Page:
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Sports in Africa, Past and Present
edited by Todd Cleveland, Tarminder Kaur and Gerard Akindes
Ohio University Press, 2002
Cloth: 978-0-8214-2425-4 | eISBN: 978-0-8214-4696-6

ABOUT THIS BOOK | AUTHOR BIOGRAPHY | TOC
ABOUT THIS BOOK

These groundbreaking essays demonstrate how Africans past and present have utilized sports to forge complex identities and shape Africa’s dynamic place in the world.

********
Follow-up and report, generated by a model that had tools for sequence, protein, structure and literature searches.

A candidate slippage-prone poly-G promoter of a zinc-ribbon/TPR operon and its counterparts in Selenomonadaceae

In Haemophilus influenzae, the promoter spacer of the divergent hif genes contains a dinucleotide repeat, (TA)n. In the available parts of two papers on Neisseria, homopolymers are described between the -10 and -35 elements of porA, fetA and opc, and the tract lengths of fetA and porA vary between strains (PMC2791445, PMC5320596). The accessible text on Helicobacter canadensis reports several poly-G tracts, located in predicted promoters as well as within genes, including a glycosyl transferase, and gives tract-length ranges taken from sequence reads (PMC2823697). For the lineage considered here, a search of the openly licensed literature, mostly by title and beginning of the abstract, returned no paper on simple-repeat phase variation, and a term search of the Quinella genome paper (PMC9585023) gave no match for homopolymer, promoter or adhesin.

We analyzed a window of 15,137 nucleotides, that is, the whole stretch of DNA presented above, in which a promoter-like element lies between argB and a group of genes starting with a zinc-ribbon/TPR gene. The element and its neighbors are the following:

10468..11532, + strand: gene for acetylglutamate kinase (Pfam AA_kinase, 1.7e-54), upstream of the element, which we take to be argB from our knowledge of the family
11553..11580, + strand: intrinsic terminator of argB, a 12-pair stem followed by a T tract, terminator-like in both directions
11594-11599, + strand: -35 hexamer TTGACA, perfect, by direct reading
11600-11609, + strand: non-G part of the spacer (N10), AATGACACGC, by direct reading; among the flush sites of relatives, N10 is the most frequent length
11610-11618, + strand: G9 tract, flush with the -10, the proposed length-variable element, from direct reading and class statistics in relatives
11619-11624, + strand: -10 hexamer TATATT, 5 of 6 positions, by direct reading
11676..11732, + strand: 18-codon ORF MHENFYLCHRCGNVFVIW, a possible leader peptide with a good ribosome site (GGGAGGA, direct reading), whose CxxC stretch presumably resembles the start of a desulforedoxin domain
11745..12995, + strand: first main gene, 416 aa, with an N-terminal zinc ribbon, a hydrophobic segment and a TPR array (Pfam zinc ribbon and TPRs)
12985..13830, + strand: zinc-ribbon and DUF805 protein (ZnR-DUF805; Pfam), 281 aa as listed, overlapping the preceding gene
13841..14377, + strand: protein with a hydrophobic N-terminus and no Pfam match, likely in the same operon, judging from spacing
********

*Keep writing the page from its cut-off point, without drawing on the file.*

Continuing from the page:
Since the late nineteenth century, modern sports in Africa have both reflected and shaped cultural, social, political, economic, generational, and gender relations on the continent. Although colonial powers originally introduced European sports as a means of “civilizing” indigenous populations and upholding then current notions of racial hierarchies and “muscular Christianity,” Africans quickly appropriated these sporting practices to fulfill their own varied interests. This collection encompasses a wide range of topics, including women footballers in Nigeria, Kenya’s world-class long-distance runners, pitches and stadiums in communities large and small, fandom and pay-to-watch kiosks, the sporting diaspora, sports pedagogy, sports as resistance and as a means to forge identity, sports heritage, the impact of politics on sports, and sporting biography.



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